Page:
Robert Wickens is serving as driver mentor for Arrow McLaren SP.

MADISON, Illinois – When Arrow McLaren SP chose the past two Indy Lights champions for its two-driver lineup for 2020 in the NTT INDYCAR SERIES, the team needed someone to mentor the young talents.

That mentor was already in place.

It was Robert Wickens, who continues to recover from injuries suffered in August 2018 at Pocono Raceway and remains a key part of Arrow McLaren SP.

Wickens works closely with both 21-year-old Pato O’Ward of Monterrey, Mexico, and 23-year-old Oliver Askew of Jupiter, Florida. Although both drivers won the Indy Lights championship – O’Ward in 2018 and Askew in 2019 – both are in their first full season of NTT INDYCAR SERIES competition.

O’Ward dominated much off the Bommarito Automotive Group 500 on Saturday and Sunday at World Wide Technology Raceway. He had the No. 5 Arrow McLaren SP Chevrolet in front for 130 laps over the course of the two 200-lap contests before finishing finished third on Saturday and followed that up with a second-place finish in Race 2.

The performance showed O’Ward’s time in victory lane is coming soon.

“Pato is doing a great job,” Wickens said. “Week in, week out he is showing he is more experienced than what his age tells us. This is only his second short oval in an Indy car. He hit the ground running from that first 30-minute refresher session on Friday. I was surprised the time he set in that refresher stood up for P1 for quite a while Friday.

“He is doing a great job. His feeling for the car is getting better. He is gaining more confidence every day he is in the car, which is amazing how quick he was out of the box for us.”

O’Ward, who competed in seven NTT INDYCAR SERIES contests in 2019 and is not eligible for this year’s series Rookie of the Year title, also had a dominating race last month at Road America in the second race of the REV Group Grand Prix on July 12. He started on the pole and led 44 laps in the 55-lap contest, losing the lead to eventual winner Felix Rosenqvist two laps from the finish.

Since that race, he finished fourth and 12th at Iowa and sixth in last Sunday’s 104th Indianapolis 500, earning this year’s Indy 500 Rookie of the Year Award. O’Ward is third in NTT INDYCAR SERIES points behind two-time champion Josef Newgarden in second and the leader, five-time INDYCAR champion Dixon.

“He’s a down-to-earth kid,” Wickens said of O’Ward. “When you talk to him, he knows what he wants to be quick and how to get the most out of him. We are trying to provide that to him this year.”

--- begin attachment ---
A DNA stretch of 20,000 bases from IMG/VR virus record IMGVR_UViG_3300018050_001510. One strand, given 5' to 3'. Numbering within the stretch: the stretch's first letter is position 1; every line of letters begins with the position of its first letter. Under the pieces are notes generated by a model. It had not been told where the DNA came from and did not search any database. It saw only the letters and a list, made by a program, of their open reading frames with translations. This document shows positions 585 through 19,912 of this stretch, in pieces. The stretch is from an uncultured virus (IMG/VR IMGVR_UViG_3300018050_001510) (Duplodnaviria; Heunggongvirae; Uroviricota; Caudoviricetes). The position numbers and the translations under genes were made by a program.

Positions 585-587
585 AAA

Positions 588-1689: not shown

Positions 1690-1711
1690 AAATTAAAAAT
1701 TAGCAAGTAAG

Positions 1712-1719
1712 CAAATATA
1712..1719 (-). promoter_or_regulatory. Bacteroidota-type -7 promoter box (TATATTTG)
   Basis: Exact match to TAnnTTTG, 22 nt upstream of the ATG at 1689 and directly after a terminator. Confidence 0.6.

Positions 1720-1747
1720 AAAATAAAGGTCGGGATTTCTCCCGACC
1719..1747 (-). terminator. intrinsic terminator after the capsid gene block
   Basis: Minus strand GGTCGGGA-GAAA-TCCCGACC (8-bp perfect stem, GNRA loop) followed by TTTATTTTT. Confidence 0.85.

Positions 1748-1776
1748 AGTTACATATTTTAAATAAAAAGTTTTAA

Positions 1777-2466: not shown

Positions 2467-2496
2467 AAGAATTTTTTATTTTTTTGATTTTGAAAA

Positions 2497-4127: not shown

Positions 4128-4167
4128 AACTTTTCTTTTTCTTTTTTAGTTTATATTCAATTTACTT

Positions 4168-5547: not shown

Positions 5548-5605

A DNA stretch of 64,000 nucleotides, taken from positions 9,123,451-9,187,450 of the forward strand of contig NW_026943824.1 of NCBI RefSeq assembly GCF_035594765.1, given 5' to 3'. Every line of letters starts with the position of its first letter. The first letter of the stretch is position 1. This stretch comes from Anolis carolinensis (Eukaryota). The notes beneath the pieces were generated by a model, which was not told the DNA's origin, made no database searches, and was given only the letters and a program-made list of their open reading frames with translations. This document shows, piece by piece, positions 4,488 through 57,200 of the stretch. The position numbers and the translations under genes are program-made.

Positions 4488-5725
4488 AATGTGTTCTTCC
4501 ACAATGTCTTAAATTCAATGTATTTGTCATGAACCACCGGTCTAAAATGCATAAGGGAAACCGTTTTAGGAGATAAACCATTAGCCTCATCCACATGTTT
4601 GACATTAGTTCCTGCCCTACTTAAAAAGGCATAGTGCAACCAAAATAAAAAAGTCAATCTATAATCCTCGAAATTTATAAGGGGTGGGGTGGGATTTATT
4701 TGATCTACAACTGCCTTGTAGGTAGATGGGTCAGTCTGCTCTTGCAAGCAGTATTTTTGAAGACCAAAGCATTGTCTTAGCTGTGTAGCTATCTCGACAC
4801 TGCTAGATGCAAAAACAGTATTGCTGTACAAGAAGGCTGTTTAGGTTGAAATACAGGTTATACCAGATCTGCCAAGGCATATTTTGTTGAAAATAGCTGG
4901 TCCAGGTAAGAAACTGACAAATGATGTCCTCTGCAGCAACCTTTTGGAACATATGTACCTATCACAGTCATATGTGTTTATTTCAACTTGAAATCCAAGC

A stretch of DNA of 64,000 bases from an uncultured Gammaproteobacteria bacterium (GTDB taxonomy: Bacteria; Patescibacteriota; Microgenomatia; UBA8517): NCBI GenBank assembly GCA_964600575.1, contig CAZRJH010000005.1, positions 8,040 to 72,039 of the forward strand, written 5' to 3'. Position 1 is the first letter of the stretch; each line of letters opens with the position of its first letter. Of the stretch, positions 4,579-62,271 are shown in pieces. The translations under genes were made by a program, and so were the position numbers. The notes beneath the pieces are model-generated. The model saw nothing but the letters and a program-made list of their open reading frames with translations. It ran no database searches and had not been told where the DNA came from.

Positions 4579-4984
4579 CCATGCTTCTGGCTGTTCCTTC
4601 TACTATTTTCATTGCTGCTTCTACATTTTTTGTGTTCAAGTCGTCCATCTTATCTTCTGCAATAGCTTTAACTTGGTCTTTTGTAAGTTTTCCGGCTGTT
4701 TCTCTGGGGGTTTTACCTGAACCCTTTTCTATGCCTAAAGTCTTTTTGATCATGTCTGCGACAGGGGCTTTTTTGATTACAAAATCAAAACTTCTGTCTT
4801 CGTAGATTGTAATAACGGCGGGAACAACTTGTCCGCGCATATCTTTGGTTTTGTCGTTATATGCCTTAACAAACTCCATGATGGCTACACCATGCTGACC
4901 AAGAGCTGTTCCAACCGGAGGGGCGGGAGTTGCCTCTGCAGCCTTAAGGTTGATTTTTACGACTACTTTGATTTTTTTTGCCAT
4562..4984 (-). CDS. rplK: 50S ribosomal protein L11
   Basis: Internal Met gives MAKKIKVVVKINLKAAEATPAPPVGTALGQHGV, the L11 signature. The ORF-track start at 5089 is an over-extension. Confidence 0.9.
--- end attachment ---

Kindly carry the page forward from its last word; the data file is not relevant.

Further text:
Wickens, 31, has enjoyed working with O’Ward and Askew as the two young talents continue to develop into outstanding race drivers. O’Ward was asked about Wickens role in helping him develop into a potential INDYCAR winner.

“He’s a great guy to have on our side,” O’Ward said. “It's nice to have someone to tell you kind of what little things caught him off-guard so we're better prepared. It's been a really enjoyable time as a person, as someone that knows what it feels like to be in our shoes.

“Ultimately, he basically drove this car, just without the Aeroscreen. A lot of the things he learned translate to us right now.”

The language of racing and the ability to communicate with two young drivers and the engineering staff is where Wickens’ mentorship pays off.

“The biggest thing for me is I thought one of my best attributes as a driver was my ability to get the most out of engineering,” Wickens said. “Even though I’m not driving the car, I feel like I’m a great bridge between the driver and the engineer.

“When the driver says something, I can ask a very particular question to give clarity on the situation. I think we are doing a good job there. From a driving standpoint, these cars are driving so differently with the Aeroscreen this year I think the car wants to be driven a little different. We are learning as we go.”

Wickens and O’Ward have clicked, and the results show.

“I like him,” O’Ward said. “He's very honest, which I really like. He honestly is very technical. He finds a lot of little details that me or Oliver might miss sometimes. It's good to have him in our head, just keep improving the little things that ultimately make a race a win or a lose situation.

“It's been great having him here. I really built a very strong relationship with him.”

Askew’s rookie season has been a bit rockier, but that young talent has shown flashes of brilliance and speed during his initial season. Askew’s best finish is third in the first Iowa race.

Askew’s place in the championship was hampered when he crashed in the double-points paying Indy 500, but the gains made and lessons learned will make his first season in INDYCAR valuable.

“It’s teething and you expect that with young drivers,” Wickens said. “A lot of drivers make their mistakes in junior categories, and by the time they get to the top, they are iron pros. But both of our drivers are so young they make their mistakes in the spotlight.

“There is more pressure, but he is doing a good job. He is quick. We just need to find a bit of rhythm.”

Wickens one day hopes to return to the cockpit of a race car and continues to make impressive progress in his recovery from serious spinal cord injuries suffered in the accident during his impressive rookie season in 2018.

But the 31-year-old driver from Guelph, Ontario, remains a vital part of his race team, serving as the team mentor for INDYCAR’s stars of the future.

“These kids, they make me proud,” Wickens said. “They make my job easy sometimes.”